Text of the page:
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Tuesday, June 22, 2010

Smoking .. Why is it so difficult to quit ?

Extracted from the website of American Council on Science & health

[By David Krogh, author of the new book Smoking The Artificial Passion published by W.H. Freeman and Company, is a science writer and editor at the University of California]


Almost everyone has watched someone try to quit smoking. They charge into the effort with optimism because of some new-found belief that hypnotism, nicotine gum or acupuncture will do the trick this time. They quit for a week or two, maybe even a few months, but then suddenly they're...smoking again. And, it's not just one cigarette here and there, their all-consuming habit has returned It's as if the whole effort to stop never took place.

Why does this happen? How can someone not choose whether to continue this strange ritual of inhalation and exhalation ? The mystery behind the inability to quit relates to the nature of the drug. Nicotine has almost no effect on a smoker that an onlooker can perceive. We believe we know why heroin is attractive: it makes people euphoric. In a slightly different way, the same thing is true of alcohol or cocaine. It would make sense that the more a drug does for us, the more alluring it would be. But if this is true, how can we explain nicotine, which hardly seems to have any noticeable effect and yet, to judge by its number of users, is easily the world's most addictive substance ?

Why Do People Smoke ?

To understand these contradictions we must drop our preconceived notions about what constitutes an attractive mental or physical state for most people.

Most of us believe, that drugs will be attractive in direct proportion to how euphoric they make us feel; but this is not the case. Jack Henningfield of the National Institute on Drug Abuse points out that if we gave heroin to 50 randomly selected people, most would get sick and would never want any again. We actually have a massive test-case that proves this every day: Thousands of hospital patients receive painkilling dependence-producing drugs in large quantities, yet almost none become serious drug abusers as a result.

It's clear that what makes a drug attractive is not only that people get high with it; but rather that people find it useful — perhaps for getting high, but also for other, less exotic reasons.

The important reason with nicotine is that the drug helps the user maintain his or her daily routine, especially at work. We have some telling information about smoking in the workplace. In the early 1970s, British researchers T.W. Meade and N.J. Wald asked some 3,600 workers to detail when they actually smoked cigarettes from the time they awoke until they went to bed. The results showed that these people smoked most of their cigarettes and had their two highest hourly rates of smoking while on the job.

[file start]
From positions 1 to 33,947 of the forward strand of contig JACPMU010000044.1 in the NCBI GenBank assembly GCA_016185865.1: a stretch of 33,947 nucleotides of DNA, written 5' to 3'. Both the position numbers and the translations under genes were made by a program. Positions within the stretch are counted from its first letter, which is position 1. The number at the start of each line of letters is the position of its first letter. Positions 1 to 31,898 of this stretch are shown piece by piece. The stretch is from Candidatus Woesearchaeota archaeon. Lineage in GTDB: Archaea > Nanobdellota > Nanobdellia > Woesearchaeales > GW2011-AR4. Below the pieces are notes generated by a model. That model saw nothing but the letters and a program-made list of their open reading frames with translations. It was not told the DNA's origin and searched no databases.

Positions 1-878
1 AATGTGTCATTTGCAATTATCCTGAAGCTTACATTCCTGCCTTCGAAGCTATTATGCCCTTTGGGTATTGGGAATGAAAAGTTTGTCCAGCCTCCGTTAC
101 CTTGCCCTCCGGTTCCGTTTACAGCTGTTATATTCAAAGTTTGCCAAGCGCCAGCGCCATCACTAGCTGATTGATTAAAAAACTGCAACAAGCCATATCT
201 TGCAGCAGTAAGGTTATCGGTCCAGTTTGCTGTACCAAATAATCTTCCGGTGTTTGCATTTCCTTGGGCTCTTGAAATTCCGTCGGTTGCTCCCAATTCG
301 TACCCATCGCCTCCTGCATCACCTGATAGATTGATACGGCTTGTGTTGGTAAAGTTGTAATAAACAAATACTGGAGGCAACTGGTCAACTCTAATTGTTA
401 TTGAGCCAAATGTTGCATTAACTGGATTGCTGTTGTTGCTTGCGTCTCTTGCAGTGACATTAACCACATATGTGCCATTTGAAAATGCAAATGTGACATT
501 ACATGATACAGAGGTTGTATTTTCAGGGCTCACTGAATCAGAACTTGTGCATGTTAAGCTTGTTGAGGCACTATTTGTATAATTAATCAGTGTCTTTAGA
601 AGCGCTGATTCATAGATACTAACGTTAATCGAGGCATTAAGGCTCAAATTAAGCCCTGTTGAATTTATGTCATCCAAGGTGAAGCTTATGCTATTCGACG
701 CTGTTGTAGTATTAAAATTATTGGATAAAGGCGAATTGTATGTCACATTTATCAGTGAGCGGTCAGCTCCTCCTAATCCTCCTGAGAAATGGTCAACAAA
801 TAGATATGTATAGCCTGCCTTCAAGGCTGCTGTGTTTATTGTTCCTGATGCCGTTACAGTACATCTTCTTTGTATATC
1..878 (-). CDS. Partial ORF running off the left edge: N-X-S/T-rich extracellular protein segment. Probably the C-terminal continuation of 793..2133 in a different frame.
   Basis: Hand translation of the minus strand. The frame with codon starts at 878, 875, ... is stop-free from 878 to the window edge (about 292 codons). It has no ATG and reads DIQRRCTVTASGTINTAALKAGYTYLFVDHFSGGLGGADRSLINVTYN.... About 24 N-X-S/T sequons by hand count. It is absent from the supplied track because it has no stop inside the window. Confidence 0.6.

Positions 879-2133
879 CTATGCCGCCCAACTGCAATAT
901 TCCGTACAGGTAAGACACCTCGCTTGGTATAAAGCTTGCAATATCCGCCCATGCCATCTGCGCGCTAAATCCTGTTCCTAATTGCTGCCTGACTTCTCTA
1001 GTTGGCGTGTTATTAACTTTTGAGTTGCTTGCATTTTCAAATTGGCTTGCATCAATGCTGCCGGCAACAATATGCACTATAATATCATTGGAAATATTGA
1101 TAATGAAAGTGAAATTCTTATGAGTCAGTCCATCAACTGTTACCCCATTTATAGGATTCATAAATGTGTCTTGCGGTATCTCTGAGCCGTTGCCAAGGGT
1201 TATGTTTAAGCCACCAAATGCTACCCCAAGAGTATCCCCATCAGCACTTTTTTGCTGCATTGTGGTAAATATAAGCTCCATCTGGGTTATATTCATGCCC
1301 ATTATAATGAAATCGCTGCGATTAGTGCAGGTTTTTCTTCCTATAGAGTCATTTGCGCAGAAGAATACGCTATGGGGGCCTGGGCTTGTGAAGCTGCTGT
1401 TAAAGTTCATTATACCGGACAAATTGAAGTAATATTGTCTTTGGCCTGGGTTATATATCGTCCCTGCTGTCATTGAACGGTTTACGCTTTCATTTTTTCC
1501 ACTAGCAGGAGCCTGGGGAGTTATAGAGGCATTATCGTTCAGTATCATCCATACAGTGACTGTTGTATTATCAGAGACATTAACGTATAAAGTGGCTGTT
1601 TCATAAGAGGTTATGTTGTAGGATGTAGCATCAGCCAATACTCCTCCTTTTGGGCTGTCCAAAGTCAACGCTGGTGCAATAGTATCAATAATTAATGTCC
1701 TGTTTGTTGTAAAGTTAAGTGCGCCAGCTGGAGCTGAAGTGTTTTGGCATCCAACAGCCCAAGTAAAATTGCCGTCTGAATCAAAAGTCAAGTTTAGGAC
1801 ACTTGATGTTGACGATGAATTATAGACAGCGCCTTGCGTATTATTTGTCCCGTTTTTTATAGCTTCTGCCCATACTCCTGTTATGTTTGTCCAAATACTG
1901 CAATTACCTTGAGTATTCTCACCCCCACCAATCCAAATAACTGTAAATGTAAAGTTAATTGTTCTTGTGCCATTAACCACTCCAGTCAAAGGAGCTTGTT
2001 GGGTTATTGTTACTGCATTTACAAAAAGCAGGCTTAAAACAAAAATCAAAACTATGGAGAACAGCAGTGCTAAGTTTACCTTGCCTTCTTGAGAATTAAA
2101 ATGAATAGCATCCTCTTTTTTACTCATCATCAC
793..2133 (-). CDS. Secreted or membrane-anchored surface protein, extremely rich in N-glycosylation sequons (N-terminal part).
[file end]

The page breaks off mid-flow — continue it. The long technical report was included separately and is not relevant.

So, what do people want from a drug ? To judge by this evidence, they want to be able to function. It is work, after all, that calls upon us to perform in a way that will keep a paycheck coming in. The work environment is likely to present us with situations that make us feel uncomfortable, abnormal. We may feel hammering tension from having too much to do or drowsiness and boredom from having too little to do.

The findings scientists have uncovered in the past 30 years regarding the effects of nicotine, depict a drug that is almost perfectly suited to returning people to a state which might be called psychological neutrality, no matter whether they have been removed from this state by stress or boredom.

Electroencephalograph studies show that nicotine generally arouses human beings. Give a subject a dose of nicotine and his brainwave activity will increase in frequency, a sign of increased arousal. However, we also have some evidence that nicotine sedates or depresses smokers, depending on the dosage and environment. (In general, larger doses of nicotine tend to sedate while smaller doses tend to arouse)

Consider that smokers may be able to move themselves up or down at will on a stimulation/sedation continuum by simply taking in a given amount of nicotine in a given situation. The ability to do this — and do it almost instantaneously — would obviously be a very attractive proposition for almost anyone. Is there little wonder that nicotine has found such favor in the workplace ?

Any drug that can function in such different ways might be expected to have varied effects when people actually perform tasks under its influence. This is just what we find with nicotine. There is evidence that people's physical reactions can actually speed up with nicotine. For example, non-smokers given nicotine can tap on a keyboard about five percent faster under its influence. Concentration during a long, boring task may also improve with nicotine. In one study, smokers and nonsmokers were asked to note pauses in the sweep hand of a clock. The smokers could maintain their vigilance remarkably well over an 80-minute test, while the nonsmokers' concentration steadily waned. We also have reason to believe that nicotine may moderate aggressive or anxious mood states. It may, in fact, have effects much like those of the milder tranquilizers.

These various research results cannot be regarded as conclusive. The idea that smoking provides absolute benefits in mental and emotional functioning has a number of critics. But, smoking research continues. Nevertheless, these findings do present a consistent picture of why nicotine is seemingly so attractive. Nicotine is the all-time addictive drug of choice because so many people use it in so many different ways.